Merseyside PCC chooses Restorative Solutions CIC to raise awareness of restorative justic
Victims of crime will now have greater opportunity to get answers from offenders thanks to a new partnership between Merseyside’s Police Commissioner and two leading restorative justice organisations.
Jane Kennedy has been looking for a partner to help her raise awareness of restorative justice and increase its use in the region, ensuring victims in Merseyside have the chance to come face-to-face with offenders and make them realise the impact of their actions.
Following a rigorous tendering exercise, a combined proposal from Merseyside’s Community Rehabilitation Company (CRC)and a not-for-profit community interest company Restorative Solutions was chosen and those two organisations will now lead on Jane’s plans for victim-led restorative justice schemes across the whole of Merseyside.
Restorative justice brings victims and offenders together to tell one another their account of an incident with the aim of putting victims back in control and presenting offenders with the consequences of their actions.
Jane said: “I am keen to support any measure that allows the voice of victims to be heard and helps those affected by crime to reach a sense of closure that sometimes cannot be found in sentencing alone. Restorative justice approaches are just one of the ways we can do that.
“Restorative justice gives victims a voice and the opportunity to get answers. Giving victims the chance to come face-to-face with those who have committed crimes against them can be really empowering and help people who have been affected by crime to find a positive way forward.
“Merseyside CRC and Restorative Solutions have a successful track record of working with victims, offenders and criminal justice partners, as well as an extensive experience of delivering restorative justice. They lead on restorative justice in many of our neighbouring areas and they have demonstrated considerable skill when working on existing restorative justice schemes in Merseyside and on initiatives with my office in the past.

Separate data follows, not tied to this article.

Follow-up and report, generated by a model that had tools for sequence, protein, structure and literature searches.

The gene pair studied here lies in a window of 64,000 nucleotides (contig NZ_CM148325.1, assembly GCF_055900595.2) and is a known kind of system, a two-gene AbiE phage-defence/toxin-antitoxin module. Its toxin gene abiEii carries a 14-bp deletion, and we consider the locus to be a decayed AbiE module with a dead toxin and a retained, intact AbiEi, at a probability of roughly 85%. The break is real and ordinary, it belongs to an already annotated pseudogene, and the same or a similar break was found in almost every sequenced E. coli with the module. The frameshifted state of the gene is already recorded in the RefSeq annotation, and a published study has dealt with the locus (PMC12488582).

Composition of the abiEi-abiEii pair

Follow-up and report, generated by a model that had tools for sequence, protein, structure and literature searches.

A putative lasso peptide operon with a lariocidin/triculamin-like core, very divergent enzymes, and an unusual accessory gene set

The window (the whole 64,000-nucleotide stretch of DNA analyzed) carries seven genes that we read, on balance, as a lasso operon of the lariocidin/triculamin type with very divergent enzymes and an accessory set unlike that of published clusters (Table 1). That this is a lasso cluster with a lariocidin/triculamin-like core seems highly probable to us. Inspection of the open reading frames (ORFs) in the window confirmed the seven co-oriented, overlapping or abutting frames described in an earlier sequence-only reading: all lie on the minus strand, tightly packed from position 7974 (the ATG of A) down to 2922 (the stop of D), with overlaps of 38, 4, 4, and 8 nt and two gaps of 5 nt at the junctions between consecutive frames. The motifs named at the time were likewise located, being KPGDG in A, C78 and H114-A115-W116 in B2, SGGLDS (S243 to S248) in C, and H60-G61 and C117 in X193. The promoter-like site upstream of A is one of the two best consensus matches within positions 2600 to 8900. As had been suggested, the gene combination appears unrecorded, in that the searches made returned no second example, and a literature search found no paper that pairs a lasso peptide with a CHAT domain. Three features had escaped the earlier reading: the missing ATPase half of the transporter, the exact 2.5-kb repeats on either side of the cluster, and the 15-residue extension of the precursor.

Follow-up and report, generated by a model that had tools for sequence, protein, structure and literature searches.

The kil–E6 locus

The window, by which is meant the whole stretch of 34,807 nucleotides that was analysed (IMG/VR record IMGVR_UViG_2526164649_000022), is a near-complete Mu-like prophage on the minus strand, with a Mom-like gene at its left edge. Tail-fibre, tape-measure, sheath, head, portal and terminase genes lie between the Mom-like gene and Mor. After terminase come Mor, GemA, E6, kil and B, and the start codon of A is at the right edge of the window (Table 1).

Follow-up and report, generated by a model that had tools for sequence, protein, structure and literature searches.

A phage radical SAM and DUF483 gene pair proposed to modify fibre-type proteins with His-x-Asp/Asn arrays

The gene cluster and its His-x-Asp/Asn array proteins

“By working in partnership with these two organisations I can ensure restorative justice schemes are available to people across Merseyside, no matter where they live, bringing to an end the existing postcode lottery of services.”
Restorative justice should always be voluntary and only take place after both the victim and offender agree and a trained facilitator has assessed the case as suitable. This means a lot of careful preparatory work is required before a victim and offender meet. Victims also offer the opportunity to withdraw at any point.
Merseyside CRC and Restorative Solutions will work now closely with Merseyside Police and all the Commissioner’s criminal justice partners to generate greater awareness and use of restorative justice and deliver an effective and consistent service across the entire region.
The nine-month contract focuses on four key aims; increasing access; working with criminal justice partners to increase the number of restorative justice referrals; improving awareness and understanding of restorative justice and its benefits and delivering a high quality service focussed on the needs of victim and delivered by a trained facilitator.
Through this pilot, restorative justice will be available at all stages of the criminal justice process, including pre-conviction and even in cases where a victim has not reported an offence to the police.
Merseyside CRC’s CEO Annette Hennessy said she was delighted to announce the news and that the CRC were honoured to be able to offer this new service.
Chief Executive of Restorative Solutions, Gary Stephenson, said: “Our joint approach will ensure that victims will be given the opportunity to have their say and get answers to the questions they are left with after being the victim of a crime.
“We know that Restorative Justice helps victims and others affected by the crime to find closure and move on with their lives. We also know from rigorous academic studies that following a restorative justice meeting offenders are motivated to change their lives for the better and this means less crime and fewer victims in Merseyside. Our partnership with Merseyside Community Rehabilitation Company will ensure that Restorative Justice will be delivered in a safe environment to a very high professional standard by skilled accredited practitioners.”
This funding follows on from a previous initiative when the Commissioner worked with the two organisations to deliver specialist restorative justice training to specific teams within Merseyside Police. This training aimed to equip PCSOs with greater knowledge and understanding of restorative justice to enable them to identify the cases where a victim would benefit from participating to help them cope and recover.
The nine-month contract has been funded through the Ministry of Justice’s Victims’ Services and Restorative Justice grant for 2015/16. Organisations were invited to apply for the service through the Blue Light portal, an E-Tendering solution for all Emergency Services.